The South African short story and its mediation of the hegemonic tendencies of nationalism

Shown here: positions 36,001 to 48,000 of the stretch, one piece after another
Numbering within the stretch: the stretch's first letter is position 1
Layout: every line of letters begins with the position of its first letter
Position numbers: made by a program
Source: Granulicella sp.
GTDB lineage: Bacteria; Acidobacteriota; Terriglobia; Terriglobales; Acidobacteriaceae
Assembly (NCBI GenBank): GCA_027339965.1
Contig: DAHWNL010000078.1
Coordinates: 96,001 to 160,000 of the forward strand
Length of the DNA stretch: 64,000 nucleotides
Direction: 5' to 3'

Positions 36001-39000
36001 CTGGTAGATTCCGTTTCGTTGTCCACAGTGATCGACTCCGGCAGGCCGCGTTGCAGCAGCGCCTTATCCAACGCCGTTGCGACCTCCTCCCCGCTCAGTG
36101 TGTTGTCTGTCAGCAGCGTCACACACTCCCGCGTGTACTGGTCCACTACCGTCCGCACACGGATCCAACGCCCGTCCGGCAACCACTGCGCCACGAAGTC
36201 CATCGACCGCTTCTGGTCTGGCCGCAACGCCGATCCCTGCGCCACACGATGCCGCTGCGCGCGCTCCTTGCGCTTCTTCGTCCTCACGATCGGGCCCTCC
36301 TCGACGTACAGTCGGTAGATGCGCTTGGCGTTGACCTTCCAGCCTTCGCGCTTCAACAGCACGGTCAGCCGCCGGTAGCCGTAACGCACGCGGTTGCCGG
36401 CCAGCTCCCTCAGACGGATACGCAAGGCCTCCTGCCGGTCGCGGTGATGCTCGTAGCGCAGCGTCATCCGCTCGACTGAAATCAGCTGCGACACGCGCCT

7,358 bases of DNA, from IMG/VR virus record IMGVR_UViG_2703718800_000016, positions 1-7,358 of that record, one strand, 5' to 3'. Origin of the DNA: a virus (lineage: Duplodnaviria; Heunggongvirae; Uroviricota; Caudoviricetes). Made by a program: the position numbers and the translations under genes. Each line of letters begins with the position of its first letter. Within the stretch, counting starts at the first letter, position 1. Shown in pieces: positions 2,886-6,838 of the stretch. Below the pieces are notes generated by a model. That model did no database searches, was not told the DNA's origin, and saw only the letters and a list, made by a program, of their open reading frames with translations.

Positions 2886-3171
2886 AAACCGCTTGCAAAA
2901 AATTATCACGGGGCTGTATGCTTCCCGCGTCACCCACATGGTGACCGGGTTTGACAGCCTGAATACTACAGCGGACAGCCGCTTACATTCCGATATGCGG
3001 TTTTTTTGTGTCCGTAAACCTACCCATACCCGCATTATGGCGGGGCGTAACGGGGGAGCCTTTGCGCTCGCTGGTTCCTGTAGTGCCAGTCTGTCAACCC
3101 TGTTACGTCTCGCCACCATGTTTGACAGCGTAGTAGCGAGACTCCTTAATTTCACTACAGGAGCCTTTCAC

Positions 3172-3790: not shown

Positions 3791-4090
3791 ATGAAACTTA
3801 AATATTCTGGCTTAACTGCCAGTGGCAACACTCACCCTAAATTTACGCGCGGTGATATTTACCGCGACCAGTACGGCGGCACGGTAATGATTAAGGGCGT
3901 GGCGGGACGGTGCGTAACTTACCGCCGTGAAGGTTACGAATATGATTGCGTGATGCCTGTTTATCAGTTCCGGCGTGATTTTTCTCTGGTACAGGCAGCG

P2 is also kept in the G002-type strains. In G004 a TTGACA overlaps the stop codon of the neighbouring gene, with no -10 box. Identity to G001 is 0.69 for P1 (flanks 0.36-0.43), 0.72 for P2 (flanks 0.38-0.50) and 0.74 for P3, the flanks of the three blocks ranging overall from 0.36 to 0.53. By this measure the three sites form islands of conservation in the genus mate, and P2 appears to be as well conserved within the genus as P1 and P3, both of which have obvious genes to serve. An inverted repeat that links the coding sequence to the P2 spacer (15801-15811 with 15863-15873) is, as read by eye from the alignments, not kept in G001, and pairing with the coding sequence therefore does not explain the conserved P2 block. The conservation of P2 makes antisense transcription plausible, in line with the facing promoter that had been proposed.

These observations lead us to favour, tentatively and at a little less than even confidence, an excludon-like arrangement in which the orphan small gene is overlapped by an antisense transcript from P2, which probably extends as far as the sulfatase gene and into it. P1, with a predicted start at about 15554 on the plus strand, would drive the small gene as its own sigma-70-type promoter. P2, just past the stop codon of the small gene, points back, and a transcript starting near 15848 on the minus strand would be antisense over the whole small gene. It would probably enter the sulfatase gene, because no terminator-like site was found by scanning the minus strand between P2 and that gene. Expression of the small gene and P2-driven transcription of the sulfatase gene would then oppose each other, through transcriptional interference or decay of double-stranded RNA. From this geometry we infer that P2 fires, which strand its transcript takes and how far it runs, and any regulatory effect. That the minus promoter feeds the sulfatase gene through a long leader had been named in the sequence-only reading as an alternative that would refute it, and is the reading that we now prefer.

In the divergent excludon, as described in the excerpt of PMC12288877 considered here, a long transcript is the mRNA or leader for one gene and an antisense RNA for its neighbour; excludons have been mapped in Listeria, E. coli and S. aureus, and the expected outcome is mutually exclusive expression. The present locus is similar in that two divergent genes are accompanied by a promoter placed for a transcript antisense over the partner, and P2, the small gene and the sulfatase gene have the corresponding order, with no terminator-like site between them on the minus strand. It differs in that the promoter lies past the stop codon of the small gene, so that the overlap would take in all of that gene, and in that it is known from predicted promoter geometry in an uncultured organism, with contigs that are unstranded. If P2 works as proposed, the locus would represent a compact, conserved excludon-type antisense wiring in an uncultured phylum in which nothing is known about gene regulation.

Abstract This research assesses the suitability of Njabulo Ndebele’s conception of the “ordinary”, a reference to a site of experience central to which are ‘non-official’ mediations of apartheid, to the analyses of the short stories of a range of black South African writers published, between 1970 and 1990. In contrast to the intense national resistance discourse that dominates these two decades, this fiction gives a picture of black subjectivities each internally dialogised. It is argued that the selected texts experiment with the realisms which foreground heterogeneous practices calling to mind the idea of the “ordinary” in, paradoxically, elaborate and nuanced ways that have yet to be fully appreciated. An attempt is made to show that, in a fortuitous application of Ndebele’s theorising against the mere onedimensional interrogation of apartheid, the chosen short stories give impetus to the examinations of how narratives are tapped into for their depictions of everyday living as well as the effects thereof on social formations. This study, therefore, further discusses the contribution that other hypotheses can make in critiquing the significance of the quotidian practices that the notion of the “ordinary” introduces. Central to this argument’s approach is thus the utilisation of theory as a tool to suggest ways of considering how, in turn, fictional representations of social practices make obvious the rationale for re-theorising, or for moving away from theory as a hegemonic order. vi The representations of the social totalities that are initiated by the quotidian interaction with the dominant discourse of apartheid and with the imagined communities that are usually considered to be its adversaries are focused on. It is argued that, in contrast to the homogenising that commonly features in many anti-apartheid narratives, the ones that come into being as a result of being teased from the existing semiotic fields are complexly structured totalities. This research submits that the preferred literature presents these social entities in novel styles that acknowledge, for instance, that the quotidian that is enunciated in the sites of experience that Ndebele calls the “ordinary” is redolent of discursive practices. The introductory chapter critically discusses the theory of the “ordinary”. In the following seven chapters, respectively, different hypotheses from across disciplines are considered in the light of the textures of everyday life that various short story collections depict. Ndebele’s representation of the “ordinary”, Antonio Gramsci’s notion of the popular intellectual, Ndebele’s idea that the oral story is a tool that provides for ‘redemptive fantasy’, Credo Mutwa’s portrait of ‘iNgoma’ (ritual), bell hooks’s impression of “ritual enactment”, Loren Kruger’s depiction of the syncretic, and Arjun Appadurai’s concepts of “locality” and “neighborhood” are deployed in the readings of what Ndebele would refer to as the “ordinary” in this study’s chosen short fiction. This thesis closes with a short conclusion. Key concepts: Acting out, African Initiated Christianity, apartheid, articulation, Bildungsroman, back-text, blackness, bukhontxana/homosexuality, carnivalesque, vii catatonia, depersonalisation, diacritics, ena/soul, false consciousness, fantasy, folklore, forgiveness, goatskin bag/thari, healing/therapy, heuristic device, home, Immorality Ordinance, iNgoma/ritual, interiority, isangoma/diviner, jazz, locality, mamlambo/fortune snake, masculinity, memory, metacommentary, mimicry, moya/spirit, mutual zombification, nativism, necklacing, neighbourhood, Njabulo Ndebele, the ordinary, people’s power, politics of the belly, polysemic, popular intellectual, post-anti-apartheid, postcolony, prophet, push—push!/pyramid scheme, quotidian, reverie, ritual enactment, sauwe/sabubi/profound amnesia believed to be induced by ancestors, schizophrenia, selfreclamation, sewasho/ash used during ritual cleansing, short story, skaz, spectacular, Staffrider, syncretic, textures of everyday life, trance, trans-racial haunting, Ubuntu, ubwenge/intelligence, Umkhonto we Sizwe.